Directed by a self-styled ‘Wolf of Kiev,” hundreds of multilingual sales men and women working in a call center atop Mandarin Plaza have been operating “industrial-scale fraud,” stealing millions of dollars from elderly victims, largely in Scandinavia, the Organized Crime and Corruption Reporting Project reports in a 5,000-word story headlined: “Trail of Broken Lives Lead to Kyiv Call Center.” Armed with a whistleblower’s insider dossier, 21 reporters interviewed 180 victims around the world for stories that ran Sunday in Stockholm’s Dagens Hyheter and in Britain’s Guardian newspaper.
The news reports indicate that the ringleaders of the “Milton Group” are David Todua, a Georgian-Israeli, and Jacob Keselman, a Ukrainian-Israeli who styles himself as ‘the Wolf of Kiev’ on his Instagram account. On Monday, Sweden’s Foreign Minister Ann Linde met with ‘high level officials’ in Kyiv and demanded action, reports the Crime and Corruption Reporting Project.
- Solar, Wind Investors Revolt
- Honcharuk Hangs on as PM, Touting Low Gas Prices, Road Funding
- Coronavirus: MIPIM Postponed 3 Months
- Windrose Buys 8 Commuter Planes to Develop Domestic Flights
Foreign investors in wind and solar warn that Ukraine risks international arbitration and a souring of foreign investors on Ukraine if the government retroactively slashes ‘green tariffs,’ makes plant commissioning dependent on government hookup to the grid, and imposes half year long blackout periods on purchases of power from renewable plants. “Ukraine Unveils Plans for Retroactive FIT Cuts,” headlines an article in PV Magazine about cuts to feed-in tariffs.
One Western solar investor tells the UBN the government’s proposed 25% cut in solar feed-in tariff coupled with the 200-day black out period could cut his revenues by 40%. “Ukraine is about to do something which will be perceived very negatively by the investment community, and is very dangerous for its efforts to attract FDI to boost its economy,” he emails from London. “The situation is very serious, and despite all the efforts of the industry, the government is not willing to find a compromise, and on the contrary is making its position harsher with each iteration.”
Foreign investor pushback was clear to the Energy Ministry’s proposed tariff cuts at last week’s Adam Smith Energy Conference in Kyiv. proposed to cut wind rates by 10% and solar by 15 to 25%, depending on plant size. “I just am amazed at the optimism that currently exists with the Ministry of Energy, Ukrenergo and others,” exclaimed Narek Harutyunyan founder and CEO of Rengy Development, a developer of solar in Armenia, Kazakhstan and Ukraine. “They say that now we will create the conditions for investment and investors will come to us. When the same investors, who have now entered the working system, do not know what will happen to them in 6 months?”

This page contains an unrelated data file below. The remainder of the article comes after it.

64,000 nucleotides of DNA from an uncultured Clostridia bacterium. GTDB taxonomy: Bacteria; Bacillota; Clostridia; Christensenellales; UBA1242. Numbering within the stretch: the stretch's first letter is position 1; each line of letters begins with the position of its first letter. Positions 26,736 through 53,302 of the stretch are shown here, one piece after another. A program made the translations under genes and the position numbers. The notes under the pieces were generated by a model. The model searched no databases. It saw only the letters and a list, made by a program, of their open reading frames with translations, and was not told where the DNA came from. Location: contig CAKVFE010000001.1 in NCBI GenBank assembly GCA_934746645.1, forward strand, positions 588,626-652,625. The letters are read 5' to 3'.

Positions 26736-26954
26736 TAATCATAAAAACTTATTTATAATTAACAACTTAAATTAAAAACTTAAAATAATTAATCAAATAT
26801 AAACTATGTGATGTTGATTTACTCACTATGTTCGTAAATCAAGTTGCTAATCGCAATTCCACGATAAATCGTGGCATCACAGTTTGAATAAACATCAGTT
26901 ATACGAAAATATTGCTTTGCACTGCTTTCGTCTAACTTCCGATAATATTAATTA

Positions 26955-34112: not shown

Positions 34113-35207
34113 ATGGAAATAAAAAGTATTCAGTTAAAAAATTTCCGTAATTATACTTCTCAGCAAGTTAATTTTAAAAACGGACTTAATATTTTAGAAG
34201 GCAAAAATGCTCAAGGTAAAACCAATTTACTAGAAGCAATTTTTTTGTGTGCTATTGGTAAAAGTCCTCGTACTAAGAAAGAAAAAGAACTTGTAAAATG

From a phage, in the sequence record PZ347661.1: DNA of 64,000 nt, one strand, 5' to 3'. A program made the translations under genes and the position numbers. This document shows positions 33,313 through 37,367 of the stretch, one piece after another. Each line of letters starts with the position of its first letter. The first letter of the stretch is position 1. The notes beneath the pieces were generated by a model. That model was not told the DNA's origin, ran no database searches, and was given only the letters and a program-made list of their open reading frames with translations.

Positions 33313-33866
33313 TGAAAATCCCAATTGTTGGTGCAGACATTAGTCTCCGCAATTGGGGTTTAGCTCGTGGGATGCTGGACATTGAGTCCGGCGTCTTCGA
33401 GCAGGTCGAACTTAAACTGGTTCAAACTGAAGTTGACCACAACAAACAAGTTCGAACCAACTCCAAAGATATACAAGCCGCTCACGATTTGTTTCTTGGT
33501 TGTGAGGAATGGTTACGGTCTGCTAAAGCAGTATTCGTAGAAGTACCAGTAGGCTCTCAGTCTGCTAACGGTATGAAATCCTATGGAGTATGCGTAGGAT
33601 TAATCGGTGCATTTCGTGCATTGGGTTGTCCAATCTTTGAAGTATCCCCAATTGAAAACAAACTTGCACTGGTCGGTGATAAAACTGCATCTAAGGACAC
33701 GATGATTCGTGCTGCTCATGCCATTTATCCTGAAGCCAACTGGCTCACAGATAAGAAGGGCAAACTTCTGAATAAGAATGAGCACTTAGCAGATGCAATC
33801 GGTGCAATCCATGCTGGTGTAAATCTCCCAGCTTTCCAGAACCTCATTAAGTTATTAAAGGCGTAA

Concord Capital’s Alexander Paraschiy warns of a collision: “While the initiative to decrease feed-in tariffs does not look friendly for investors into green energy, it looks like a forced move by the government, taking into account that green rates are too high in Ukraine. The high rates bring distortions to the wholesale market, so it is likely that the ministry’s initiative will be supported by law makers. Also, we see that this will be not the last attempt to decrease green rates in Ukraine.”
With EU gas prices at their lowest levels in four years, Ukrainian households will receive gas bills for February that are almost 40% below the levels of one year ago, Prime Minister Honcharuk said Monday. Europe’s gas glut is seen as a result of a mild winter, new LNG plants coming on stream and the coronavirus threat cutting Chinese consumption. Honcharuk said: “This happened thanks to the wonderful weather.”
Capping five years of work, Ukraine launches this week virtual natural gas reverse flow with Slovakia, the main hub for gas exiting Ukraine for the EU. Under this system, Russian gas is shipped to users in eastern and central Ukraine, then Ukraine’s pipeline operator makes up the difference with gas pumped from storage reservoirs in Western Ukraine. This cost saving system became possible two months ago with the signing of the new EU-compliant gas contract with Gazprom, says Serhiy Makogon, CEO of Gas Transmission System Operator of Ukraine, the new spinoff from Naftogaz. Virtual reverse flow started one month ago with Poland. The system is to be established with Hungary this spring, Makogon writes on Facebook.
Due to lower domestic interest rates, this year’s massive $4.6 billion road building program is getting more funding from state bank loans, Prime Minister Honcharuk said Monday after meeting with the Ministers of Finance and Economy and the leadership of the central bank. “An additional 19.3 billion UAH ($785 million) at a lower interest rate is more quality roads in Ukraine this year – mostly from state banks,” he said. In addition to the loans, Ukravtodor, the state highway agency, is expected to place at least $200 million in Eurobonds.